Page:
For the first decade or so of TVWriter™ our BBB LB (that’s, uh, “Beloved Big Boss Larry Brody for those who missed those glorious days) used to harp about how “whatever your job title, you’re really a salesman.” This drove writers insane cuz let’s face it, most writers see themselves as just about anything but salesmen.
These days LB doesn’t have to keep pushing that idea.
First, because now he can say “whatever you’re writing, you’re really an entrepreneur” and make it all sound, well, rather grand. An existence we all want to rise to.
Oh, and second, because now other intelligent and aware creative men and women are writing it as well.
Case in point:
The Psychological Price of Entrepreneurship
by Jessica Bruder
By all counts and measures, Bradley Smith is an unequivocal business success. He’s CEO of Rescue One Financial, an Irvine, California-based financial services company that had sales of nearly $32 million last year. Smith’s company has grown some 1,400 percent in the last three years, landing it at No. 310 on this year’s Inc. 500. So you might never guess that just five years ago, Smith was on the brink of financial ruin–and mental collapse.
Back in 2008, Smith was working long hours counseling nervous clients about getting out of debt. But his calm demeanor masked a secret: He shared their fears. Like them, Smith was sinking deeper and deeper into debt. He had driven himself far into the red starting–of all things–a debt-settlement company. “I was hearing how depressed and strung out my clients were, but in the back of my mind I was thinking to myself, I’ve got twice as much debt as you do,” Smith recalls.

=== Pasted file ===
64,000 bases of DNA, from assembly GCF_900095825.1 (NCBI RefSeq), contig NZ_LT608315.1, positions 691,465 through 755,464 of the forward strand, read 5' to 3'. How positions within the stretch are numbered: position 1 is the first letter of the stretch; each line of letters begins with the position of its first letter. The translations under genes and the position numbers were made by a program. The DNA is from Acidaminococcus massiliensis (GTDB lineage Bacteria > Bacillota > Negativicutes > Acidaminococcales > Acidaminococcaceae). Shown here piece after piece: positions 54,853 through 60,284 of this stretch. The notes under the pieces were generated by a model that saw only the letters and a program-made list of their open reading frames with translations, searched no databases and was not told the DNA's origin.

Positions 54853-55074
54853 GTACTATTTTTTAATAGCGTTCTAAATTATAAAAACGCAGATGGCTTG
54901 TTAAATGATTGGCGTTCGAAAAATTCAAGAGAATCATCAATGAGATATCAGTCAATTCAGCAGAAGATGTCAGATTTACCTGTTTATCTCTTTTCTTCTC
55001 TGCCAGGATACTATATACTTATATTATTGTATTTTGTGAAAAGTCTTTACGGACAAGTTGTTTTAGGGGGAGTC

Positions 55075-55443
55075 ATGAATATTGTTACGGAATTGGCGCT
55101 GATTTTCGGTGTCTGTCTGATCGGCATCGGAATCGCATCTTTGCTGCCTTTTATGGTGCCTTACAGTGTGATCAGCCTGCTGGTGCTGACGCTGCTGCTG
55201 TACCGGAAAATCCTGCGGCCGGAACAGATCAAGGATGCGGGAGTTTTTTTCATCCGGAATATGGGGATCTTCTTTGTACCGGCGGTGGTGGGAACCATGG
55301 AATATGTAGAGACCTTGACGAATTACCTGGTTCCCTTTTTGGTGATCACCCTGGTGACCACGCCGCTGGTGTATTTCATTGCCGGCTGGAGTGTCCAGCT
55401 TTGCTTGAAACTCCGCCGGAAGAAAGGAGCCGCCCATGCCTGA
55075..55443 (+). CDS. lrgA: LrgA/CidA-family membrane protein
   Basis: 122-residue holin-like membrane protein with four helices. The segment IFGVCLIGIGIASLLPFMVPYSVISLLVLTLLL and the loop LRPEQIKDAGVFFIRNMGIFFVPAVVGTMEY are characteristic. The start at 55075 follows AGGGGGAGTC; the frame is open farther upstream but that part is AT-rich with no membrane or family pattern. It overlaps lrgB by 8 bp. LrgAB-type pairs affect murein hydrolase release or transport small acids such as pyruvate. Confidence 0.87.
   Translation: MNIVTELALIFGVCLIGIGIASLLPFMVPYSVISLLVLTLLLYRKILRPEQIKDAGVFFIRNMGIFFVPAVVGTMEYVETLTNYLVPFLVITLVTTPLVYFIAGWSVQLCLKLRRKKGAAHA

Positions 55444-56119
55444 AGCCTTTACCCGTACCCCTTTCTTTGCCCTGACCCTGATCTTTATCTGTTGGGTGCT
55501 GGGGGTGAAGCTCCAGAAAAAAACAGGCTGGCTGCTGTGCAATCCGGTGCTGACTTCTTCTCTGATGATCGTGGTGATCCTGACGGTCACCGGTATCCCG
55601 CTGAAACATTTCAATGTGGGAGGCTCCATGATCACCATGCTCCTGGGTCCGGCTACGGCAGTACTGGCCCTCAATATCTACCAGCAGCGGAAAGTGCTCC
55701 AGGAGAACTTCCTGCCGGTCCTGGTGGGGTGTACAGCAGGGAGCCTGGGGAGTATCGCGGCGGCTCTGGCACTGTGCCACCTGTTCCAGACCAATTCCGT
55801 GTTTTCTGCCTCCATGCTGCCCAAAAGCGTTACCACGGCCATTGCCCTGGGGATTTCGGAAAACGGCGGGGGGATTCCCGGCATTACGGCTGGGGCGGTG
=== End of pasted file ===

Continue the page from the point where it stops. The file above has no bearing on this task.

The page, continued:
He had cashed in his 401(k) and maxed out a $60,000 line of credit. He had sold the Rolex he bought with his first-ever paycheck during an earlier career as a stockbroker. And he had humbled himself before his father–the man who raised him on maxims such as “money doesn’t grow on trees” and “never do business with family”–by asking for $10,000, which he received at 5 percent interest after signing a promissory note.
Smith projected optimism to his co-founders and 10 employees, but his nerves were shot. “My wife and I would share a bottle of $5 wine for dinner and just kind of look at each other,” Smith says. “We knew we were close to the edge.” Then the pressure got worse: The couple learned they were expecting their first child. “There were sleepless nights, staring at the ceiling,” Smith recalls. “I’d wake up at 4 in the morning with my mind racing, thinking about this and that, not being able to shut it off, wondering, When is this thing going to turn?” After eight months of constant anxiety, Smith’s company finally began making money.
Successful entrepreneurs achieve hero status in our culture. We idolize the Mark Zuckerbergs and the Elon Musks. And we celebrate the blazingly fast growth of the Inc. 500 companies. But many of those entrepreneurs, like Smith, harbor secret demons: Before they made it big, they struggled through moments of near-debilitating anxiety and despair–times when it seemed everything might crumble.